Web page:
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Can Utah’s offense afford to get into a shootout with Washington State?

By Josh Furlong, | Posted - Sep. 27, 2019 at 9:59 a.m.

SALT LAKE CITY — In a remarkable — maybe insane is a better way of putting it — way, Washington State managed to lose Saturday when up by 32 points late in the third quarter against a substandard UCLA program.

The Cougars put up 63 points and its starting quarterback, Anthony Gordon, threw for a record-breaking nine passing touchdowns in a loss. It was the first loss of the season for the Cougars, who average 499.5 yards per game (first in the nation) in the passing game and 52.8 points (fifth in the nation).

To put it simply, Washington State can score and they do it with a dynamite passing attack — the Air Raid offense. Under the direction of head coach Mike Leach, Washington State has been efficient and dangerously effective. Few teams can afford to get into a shootout with the Cougars and survive — even UCLA narrowly squeaked out a win in an uncharacteristically odd fashion.

But what about a team like No. 19 Utah, who struggled to contain a form of the Air Raid offense a week prior in a 30-23 loss to USC on the road? Can the Utes get into a shootout against the Cougars and hope to come out on the other end with a win?

Utah averages only 29.8 points per game and has yet to cross the 35-point barrier this season; their total yards per game of 443.8 is fewer than Washington State’s average passing yards. That’s not to say Utah’s offense isn’t capable of putting points on the board, it’s just that it hasn’t happened so far in 2019.

Utah cannot afford to get into a shootout and expect to win.

Still, Utah head coach Kyle Whittingham said Monday at his weekly press conference that one of the best defenses against Washington State is a powerful offense.

“In a game like this, oftentimes your best defense is an offense; it's an offense that can control the ball, which we're doing,” Whittingham said. “Our offense is controlling the football, taking care of it, not turning it over.

Whittingham isn’t talking about scoring a large amount of points to outlast the Cougars — although that’s certainly a guaranteed way to win — he believes control of the football is key. Limit turnovers, move the chains and eat up the time of possession to limit how many opportunities the opponent can get.

“That will play into slowing down that offense as much or more than anything is our ability to control the football, take care of it, and keep it away from them. So that's part of a big part of the equation.”

So far this season, Utah has been effective in all the categories Whittingham outlined to beat the upcoming one-dimensional opponent. Utah has yet to throw an interception and has only lost two fumbles this season, and they rank seventh nationally in average time of possession (third, if looking at the total time of possession over the life of the season).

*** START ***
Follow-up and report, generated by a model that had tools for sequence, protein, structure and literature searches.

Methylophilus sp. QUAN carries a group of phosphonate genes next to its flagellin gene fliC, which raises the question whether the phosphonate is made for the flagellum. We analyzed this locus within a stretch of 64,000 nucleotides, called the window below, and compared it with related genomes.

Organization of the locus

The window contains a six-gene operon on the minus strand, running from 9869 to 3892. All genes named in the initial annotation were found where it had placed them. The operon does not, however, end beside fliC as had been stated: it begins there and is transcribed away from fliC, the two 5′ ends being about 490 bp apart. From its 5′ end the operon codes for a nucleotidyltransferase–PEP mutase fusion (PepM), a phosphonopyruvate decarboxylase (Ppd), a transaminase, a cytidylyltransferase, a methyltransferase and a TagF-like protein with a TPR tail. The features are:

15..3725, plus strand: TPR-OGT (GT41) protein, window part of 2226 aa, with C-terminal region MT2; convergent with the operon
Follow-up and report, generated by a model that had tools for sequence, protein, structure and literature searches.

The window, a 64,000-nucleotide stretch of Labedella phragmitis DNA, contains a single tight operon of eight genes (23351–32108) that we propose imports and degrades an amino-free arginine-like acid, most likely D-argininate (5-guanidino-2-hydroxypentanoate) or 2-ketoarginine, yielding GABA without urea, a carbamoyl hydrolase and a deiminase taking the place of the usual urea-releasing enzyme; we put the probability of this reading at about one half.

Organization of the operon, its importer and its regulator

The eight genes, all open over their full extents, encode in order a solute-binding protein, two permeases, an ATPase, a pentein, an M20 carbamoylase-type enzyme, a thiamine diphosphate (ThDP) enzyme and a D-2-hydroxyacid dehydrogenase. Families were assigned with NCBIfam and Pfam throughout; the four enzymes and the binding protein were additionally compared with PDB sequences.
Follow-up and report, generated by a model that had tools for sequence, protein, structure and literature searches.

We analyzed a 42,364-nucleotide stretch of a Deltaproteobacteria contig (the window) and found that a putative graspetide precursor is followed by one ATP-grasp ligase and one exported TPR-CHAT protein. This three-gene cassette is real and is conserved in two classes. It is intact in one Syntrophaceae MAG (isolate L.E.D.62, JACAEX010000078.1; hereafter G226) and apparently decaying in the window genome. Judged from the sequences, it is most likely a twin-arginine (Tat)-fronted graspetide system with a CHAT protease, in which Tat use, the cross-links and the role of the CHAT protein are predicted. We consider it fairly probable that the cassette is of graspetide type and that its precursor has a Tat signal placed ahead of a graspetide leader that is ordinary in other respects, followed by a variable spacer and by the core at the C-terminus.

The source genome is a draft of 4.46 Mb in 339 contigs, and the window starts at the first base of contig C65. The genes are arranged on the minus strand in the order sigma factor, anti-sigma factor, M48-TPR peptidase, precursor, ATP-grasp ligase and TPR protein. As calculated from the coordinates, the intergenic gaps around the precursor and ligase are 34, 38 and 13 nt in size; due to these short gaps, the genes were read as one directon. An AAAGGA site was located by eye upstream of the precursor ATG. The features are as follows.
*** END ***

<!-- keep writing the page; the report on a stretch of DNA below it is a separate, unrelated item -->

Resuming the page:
But playing keep away won’t win a game if the opponent can strike quickly and in a big way. Against the Trojans, Utah controlled the time of possession and kept the game close, but allowed a multitude of deep passes to ultimately doom their chances of a win. USC didn’t need a long time to score, and the Utes paid in the end.

Whittingham and his players hope to enter Saturday was a renewed purpose and overall better defensive effort. And despite their shortgivings last week, Utah is still the “hardest” challenge to face Washington State this season. The Cougars have yet to play a passing defense that has given up more than 300 yards on average in the passing game. Each of its non-FCS opponents are ranked lower than 120th out of 130 teams.

Utah has been much tougher on the season and gives up, on average, 222.8 yards per game, which ranks the Utes 60th in the country. That’s a massive step up for the Cougars, who have essentially passed for big numbers against the lower-level passing defenses.

The defense Utah will roll out Saturday, though, is not unlike anything Leach or his team’s personnel has seen to combat the Air Raid, Whittingham said.

“They've seen it all,” Whittingham said. “There's nothing that we're going to do defensively that's going to surprise them or do something they haven't seen before. They've seen it all. They've seen every imaginable way to try to defend them.

Assuming Utah can bounce back from last week and the defense can limit Washington State’s ability to get chuck plays and move the ball fast, Utah has a more favorable opportunity to score this week.

The Cougars, on average, gives up 28.8 points per game (82nd in the nation), 175.3 rushing yards per game (89th) and 248.8 passing yards per game (88th). That puts the Cougars’ defense on par with about Northern Illinois, statistically speaking in terms of former Utah opponents.

Should Utah abandon its pursuit of controlling the game clock and limiting the Air Raid attack on defense, Utah has at least a fighting chance on offense against a defense that allows its opponent a lot of room to score. A shootout is still not the desired outcome, but despite every intention to do as Whittingham suggested, it may be the team’s best option if things go South for the Utes.

Utah looks to avoid going 0-2 in conference play for the second-consecutive season as they welcome Washington State to Rice-Eccles Stadium Saturday at 8 p.m. MDT. The game will be broadcast on FS1, though Dish Network and Sling subscribers will not be able to see the game due to a contract dispute.

Josh Furlong

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